Coordinating food for a Jimmy Carter Work Project is no small task. Not only do thousands of volunteers need to be fed for a week, but those meals need to be prepared safely and served efficiently. How is such a large undertaking coordinated?

"We're smart enough to know when we don't know something," says Becky Neuhaus, coordinating food services, transportation and lodging for this year's build. Neuhaus found answers by recruiting a group of food service professionals, including directors and former directors of local restaurant associations, for advice and support.

That leadership, combined with generous donations of supplies and services from food service companies and professionals, has resulted in success for the project.

The system is complicated. Out-of-town volunteers are staying at the dormitories of three local colleges and universities this week, and eat breakfast and dinner at the dormitory cafeterias. The universities provide breakfast; dinner has been donated by Sysco and is being served by university food service staffs.

Lunch is provided for both out-of-town and local volunteers at three middle schools, one located near each of the major build sites. With food donated again by Sysco, lunches are being served mostly by volunteers, the majority of whom work in the food service industry. Food service professionals oversee the meal at each site, as the volunteers being fed are bused in and out of the cafeterias in two shifts to keep traffic manageable.

"The lunches have gone like clockwork," says Neuhaus. They're also satisfying, important for volunteers who burn countless calories swinging hammers under the hot sun. For example, lunch served Thursday consisted of stuffed peppers, corn, salad, bread, fruit and a piece of cake.

Snacks also have been available at the work site. The Salvation Army has provided canteen trucks, bringing snacks from the warehouse to the build sites. "They have been phenomenal," says Neuhaus, "they brought all these canteens in from Corpus Christi, from Galveston."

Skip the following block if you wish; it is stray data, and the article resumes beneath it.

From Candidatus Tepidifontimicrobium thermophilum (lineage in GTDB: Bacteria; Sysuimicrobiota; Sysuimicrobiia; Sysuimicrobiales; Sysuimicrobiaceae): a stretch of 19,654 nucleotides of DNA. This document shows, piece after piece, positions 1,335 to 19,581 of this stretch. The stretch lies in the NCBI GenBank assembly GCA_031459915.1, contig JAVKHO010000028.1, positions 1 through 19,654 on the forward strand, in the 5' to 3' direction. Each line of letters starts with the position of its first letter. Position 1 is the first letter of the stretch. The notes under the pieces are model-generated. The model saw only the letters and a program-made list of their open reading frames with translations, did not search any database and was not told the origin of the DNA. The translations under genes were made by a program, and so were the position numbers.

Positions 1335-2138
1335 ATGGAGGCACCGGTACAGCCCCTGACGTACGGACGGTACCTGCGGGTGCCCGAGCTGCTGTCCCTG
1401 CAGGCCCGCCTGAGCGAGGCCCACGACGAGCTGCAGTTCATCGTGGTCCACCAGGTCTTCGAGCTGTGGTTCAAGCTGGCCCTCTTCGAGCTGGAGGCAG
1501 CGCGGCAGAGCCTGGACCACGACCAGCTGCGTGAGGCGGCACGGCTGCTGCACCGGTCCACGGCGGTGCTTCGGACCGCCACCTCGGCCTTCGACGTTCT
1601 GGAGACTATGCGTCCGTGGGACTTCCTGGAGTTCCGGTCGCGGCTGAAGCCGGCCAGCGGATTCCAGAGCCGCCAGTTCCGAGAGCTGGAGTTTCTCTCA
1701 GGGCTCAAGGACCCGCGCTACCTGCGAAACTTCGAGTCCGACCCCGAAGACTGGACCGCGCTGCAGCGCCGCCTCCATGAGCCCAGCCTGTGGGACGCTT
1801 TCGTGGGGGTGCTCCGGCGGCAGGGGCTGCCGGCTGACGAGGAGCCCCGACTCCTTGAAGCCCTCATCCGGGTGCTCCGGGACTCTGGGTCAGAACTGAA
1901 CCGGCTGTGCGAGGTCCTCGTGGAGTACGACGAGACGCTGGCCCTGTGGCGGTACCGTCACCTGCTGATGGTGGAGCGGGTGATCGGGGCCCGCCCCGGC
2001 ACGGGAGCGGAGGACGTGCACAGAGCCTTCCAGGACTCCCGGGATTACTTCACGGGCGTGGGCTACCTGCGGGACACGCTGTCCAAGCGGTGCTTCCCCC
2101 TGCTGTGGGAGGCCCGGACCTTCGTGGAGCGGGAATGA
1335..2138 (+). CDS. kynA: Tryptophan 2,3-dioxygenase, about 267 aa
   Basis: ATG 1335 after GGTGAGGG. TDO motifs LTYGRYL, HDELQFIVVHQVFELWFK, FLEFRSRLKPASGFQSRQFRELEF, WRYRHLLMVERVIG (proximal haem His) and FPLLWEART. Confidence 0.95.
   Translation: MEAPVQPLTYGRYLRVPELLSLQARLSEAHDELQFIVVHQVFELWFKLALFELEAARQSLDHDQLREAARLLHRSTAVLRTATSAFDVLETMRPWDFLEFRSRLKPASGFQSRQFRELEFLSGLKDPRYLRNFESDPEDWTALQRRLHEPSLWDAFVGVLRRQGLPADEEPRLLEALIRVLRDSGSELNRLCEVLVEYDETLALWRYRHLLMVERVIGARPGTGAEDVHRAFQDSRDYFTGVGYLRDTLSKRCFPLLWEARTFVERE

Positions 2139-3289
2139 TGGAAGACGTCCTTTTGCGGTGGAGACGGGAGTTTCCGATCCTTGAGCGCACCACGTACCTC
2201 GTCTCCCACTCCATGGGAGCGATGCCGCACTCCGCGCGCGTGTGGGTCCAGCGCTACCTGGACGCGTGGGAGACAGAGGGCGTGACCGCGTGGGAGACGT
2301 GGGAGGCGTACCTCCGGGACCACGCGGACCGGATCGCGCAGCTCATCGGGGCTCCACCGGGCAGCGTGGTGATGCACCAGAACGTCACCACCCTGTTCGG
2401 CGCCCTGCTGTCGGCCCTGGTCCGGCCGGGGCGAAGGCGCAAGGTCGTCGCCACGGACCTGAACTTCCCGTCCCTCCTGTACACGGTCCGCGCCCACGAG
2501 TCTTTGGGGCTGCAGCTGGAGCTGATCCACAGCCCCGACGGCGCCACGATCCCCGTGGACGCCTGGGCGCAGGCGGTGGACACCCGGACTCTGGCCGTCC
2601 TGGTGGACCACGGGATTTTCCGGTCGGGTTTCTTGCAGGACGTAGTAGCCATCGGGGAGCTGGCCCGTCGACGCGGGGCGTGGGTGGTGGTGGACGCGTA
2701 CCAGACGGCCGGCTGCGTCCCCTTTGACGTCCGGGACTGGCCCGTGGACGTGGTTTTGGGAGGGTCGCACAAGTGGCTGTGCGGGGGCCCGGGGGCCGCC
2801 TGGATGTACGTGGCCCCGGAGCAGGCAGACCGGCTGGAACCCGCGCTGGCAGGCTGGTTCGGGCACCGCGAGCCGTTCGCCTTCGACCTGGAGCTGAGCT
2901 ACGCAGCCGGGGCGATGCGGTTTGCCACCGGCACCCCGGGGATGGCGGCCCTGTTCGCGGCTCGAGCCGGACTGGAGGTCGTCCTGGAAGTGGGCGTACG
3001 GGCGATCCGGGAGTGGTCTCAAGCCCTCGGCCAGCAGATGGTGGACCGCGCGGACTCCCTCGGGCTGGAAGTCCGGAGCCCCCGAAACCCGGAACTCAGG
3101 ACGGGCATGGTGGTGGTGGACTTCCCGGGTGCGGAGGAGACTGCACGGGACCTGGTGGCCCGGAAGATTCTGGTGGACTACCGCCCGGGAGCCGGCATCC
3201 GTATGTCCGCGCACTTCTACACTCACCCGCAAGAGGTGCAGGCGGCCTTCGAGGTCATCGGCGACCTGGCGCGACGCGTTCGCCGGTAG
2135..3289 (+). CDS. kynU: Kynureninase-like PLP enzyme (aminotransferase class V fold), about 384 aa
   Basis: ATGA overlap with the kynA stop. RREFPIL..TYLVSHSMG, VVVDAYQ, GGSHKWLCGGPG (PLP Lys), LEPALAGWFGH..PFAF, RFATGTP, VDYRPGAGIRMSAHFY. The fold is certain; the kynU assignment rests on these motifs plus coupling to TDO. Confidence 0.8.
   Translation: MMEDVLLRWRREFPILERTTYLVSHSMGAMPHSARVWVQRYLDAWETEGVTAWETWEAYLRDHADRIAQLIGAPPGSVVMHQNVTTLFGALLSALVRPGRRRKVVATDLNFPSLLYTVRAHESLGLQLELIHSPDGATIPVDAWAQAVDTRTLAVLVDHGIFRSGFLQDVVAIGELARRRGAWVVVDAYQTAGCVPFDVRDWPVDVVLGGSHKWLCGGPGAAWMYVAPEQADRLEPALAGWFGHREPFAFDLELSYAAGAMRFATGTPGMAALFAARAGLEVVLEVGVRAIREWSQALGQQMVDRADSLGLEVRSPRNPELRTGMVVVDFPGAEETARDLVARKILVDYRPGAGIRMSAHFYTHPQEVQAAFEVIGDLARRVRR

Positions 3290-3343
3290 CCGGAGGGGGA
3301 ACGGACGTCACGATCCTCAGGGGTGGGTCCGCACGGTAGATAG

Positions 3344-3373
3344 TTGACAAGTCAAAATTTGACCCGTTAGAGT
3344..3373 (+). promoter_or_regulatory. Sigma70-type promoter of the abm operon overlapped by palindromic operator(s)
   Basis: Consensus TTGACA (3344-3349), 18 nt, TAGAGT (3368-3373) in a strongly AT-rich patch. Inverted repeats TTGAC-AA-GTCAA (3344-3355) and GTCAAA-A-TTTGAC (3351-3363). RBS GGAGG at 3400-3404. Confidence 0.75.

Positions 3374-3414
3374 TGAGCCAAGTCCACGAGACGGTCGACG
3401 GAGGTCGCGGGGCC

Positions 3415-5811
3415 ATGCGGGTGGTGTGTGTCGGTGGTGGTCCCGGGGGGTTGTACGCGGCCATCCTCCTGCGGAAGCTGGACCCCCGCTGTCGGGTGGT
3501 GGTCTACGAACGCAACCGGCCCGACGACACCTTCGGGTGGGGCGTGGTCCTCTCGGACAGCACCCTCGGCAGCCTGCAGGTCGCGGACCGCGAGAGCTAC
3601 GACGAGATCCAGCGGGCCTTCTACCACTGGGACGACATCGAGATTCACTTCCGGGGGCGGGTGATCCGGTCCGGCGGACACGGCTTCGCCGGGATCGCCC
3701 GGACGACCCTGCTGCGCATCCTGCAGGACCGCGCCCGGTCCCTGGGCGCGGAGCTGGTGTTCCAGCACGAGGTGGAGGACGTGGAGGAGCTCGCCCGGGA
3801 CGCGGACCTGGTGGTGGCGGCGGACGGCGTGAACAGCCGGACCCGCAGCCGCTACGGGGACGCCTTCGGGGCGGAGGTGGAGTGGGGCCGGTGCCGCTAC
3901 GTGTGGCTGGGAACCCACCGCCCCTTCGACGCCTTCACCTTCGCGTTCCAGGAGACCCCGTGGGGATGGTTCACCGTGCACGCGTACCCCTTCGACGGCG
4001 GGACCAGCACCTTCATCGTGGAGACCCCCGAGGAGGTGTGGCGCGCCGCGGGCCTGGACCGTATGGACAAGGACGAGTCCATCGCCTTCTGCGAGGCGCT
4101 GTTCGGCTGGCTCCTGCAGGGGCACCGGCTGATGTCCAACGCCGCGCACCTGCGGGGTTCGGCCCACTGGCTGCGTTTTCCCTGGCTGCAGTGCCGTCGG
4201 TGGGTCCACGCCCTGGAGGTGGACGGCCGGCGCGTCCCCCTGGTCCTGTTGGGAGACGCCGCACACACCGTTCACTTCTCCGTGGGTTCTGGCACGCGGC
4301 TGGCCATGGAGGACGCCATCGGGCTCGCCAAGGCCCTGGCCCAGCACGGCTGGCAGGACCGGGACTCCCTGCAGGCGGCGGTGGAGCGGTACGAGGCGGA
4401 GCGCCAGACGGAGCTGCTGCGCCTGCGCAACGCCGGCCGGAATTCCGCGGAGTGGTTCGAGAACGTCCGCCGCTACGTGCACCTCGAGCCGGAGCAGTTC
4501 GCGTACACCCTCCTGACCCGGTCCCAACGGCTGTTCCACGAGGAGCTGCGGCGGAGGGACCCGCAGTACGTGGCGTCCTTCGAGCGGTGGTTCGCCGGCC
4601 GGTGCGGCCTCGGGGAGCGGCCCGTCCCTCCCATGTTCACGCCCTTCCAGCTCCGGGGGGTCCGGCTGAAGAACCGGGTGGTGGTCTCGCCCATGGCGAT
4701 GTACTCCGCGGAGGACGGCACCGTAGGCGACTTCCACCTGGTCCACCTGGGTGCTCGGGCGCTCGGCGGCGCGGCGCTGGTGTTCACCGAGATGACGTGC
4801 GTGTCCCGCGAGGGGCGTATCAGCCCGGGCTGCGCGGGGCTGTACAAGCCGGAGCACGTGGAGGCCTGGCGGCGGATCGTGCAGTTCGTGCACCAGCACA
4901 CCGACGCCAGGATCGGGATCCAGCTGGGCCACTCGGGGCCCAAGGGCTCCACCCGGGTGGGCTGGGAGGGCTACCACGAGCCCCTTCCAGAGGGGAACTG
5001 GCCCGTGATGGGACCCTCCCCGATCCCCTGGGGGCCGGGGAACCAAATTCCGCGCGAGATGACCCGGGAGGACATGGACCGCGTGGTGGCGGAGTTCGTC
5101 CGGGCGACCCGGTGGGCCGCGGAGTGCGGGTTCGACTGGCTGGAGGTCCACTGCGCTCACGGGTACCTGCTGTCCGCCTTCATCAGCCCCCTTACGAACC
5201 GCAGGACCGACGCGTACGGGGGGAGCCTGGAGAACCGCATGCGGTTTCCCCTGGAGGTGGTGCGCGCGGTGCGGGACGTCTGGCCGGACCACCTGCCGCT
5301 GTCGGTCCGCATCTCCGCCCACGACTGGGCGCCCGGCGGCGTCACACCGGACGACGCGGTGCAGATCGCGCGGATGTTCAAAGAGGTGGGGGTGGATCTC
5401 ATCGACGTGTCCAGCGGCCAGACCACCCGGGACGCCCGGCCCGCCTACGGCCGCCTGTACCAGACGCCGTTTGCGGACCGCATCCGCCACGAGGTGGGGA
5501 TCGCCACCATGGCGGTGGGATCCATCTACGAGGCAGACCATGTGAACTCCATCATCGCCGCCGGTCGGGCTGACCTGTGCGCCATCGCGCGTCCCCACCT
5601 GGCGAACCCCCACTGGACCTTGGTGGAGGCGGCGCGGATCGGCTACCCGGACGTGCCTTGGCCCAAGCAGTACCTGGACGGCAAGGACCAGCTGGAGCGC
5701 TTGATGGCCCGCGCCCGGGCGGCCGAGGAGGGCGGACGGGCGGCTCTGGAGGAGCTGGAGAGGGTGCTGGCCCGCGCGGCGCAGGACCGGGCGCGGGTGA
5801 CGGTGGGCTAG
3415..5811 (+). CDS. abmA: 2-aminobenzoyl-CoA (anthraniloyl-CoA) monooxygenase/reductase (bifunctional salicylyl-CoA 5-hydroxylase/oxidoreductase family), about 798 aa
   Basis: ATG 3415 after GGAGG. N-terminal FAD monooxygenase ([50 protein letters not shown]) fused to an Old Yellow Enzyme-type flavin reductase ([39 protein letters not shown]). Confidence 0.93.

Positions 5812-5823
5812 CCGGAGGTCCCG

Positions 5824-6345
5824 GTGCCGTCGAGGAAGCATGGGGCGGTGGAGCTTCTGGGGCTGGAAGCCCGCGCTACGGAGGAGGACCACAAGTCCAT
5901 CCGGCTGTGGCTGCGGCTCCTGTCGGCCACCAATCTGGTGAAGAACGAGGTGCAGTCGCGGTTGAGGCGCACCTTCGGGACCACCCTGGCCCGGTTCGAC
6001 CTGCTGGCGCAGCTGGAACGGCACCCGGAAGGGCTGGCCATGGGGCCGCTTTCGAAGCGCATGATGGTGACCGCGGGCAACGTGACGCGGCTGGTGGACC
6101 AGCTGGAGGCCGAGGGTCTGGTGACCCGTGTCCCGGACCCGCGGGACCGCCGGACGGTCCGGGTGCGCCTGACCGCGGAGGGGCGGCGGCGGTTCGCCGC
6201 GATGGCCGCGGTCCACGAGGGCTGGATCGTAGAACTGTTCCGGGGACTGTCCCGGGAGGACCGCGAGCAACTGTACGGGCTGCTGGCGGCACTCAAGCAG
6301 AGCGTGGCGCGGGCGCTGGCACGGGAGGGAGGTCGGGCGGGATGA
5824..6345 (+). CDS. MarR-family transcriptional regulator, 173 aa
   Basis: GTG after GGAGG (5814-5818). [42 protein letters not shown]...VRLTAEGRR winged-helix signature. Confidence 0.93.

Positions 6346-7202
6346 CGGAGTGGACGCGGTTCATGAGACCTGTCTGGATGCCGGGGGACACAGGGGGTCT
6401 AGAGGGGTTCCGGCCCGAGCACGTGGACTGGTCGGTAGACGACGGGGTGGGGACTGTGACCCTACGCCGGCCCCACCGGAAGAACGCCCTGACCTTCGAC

In the evenings, sandwiches are brought to the sites for the "elf crews," who work after-hours, helping bring up to speed any houses falling behind schedule.

And that's not all the supplies the food service crews have received. The Aluminum Association donated thousands of cases of water cans for the build. Aramark supplied the catering for the orientation session last Sunday at no charge. And over the course of the week, many companies have called up offering to donate supplies, from Popsicles to thousands of bottles of sports drinks.

In all, says Neuhaus, somewhere near 90 percent of the needed supplies and services have been donated for this year's build. "My food service people have worked just as hard as these construction volunteers," she brags. "You've got to have that support system in place for this to work."

Other Stories from the 1998 JCWP
JCWP Homeowners:
Wade and Shalina Gibson

"I grew up in this area," says Wade Gibson. "I'm coming back home."

More stories:
John and Belvin Richard
Nancy Rosas
Olga Martinez
Betty and Seff Polk
JCWP Volunteers:
Jimmy and Rosalynn Carter
The former U.S. President and First Lady have led the Habitat build bearing their name every year since 1984.

More stories:
Eunita Shields
First Ladies for Habitat
Joanne and Greg Janson
Campus Chapters
JCWP Behind the Scenes:
First Aid
What do the volunteers in the first aid tent do? Hopefully, very little.

More stories:
The Green Team
Security Volunteers
Day-By-Day Photo Journal | 1998 JCWP Home Page

JCWP Overviews: 1984-96 | 1997 | 1998 | 1999 | 2000

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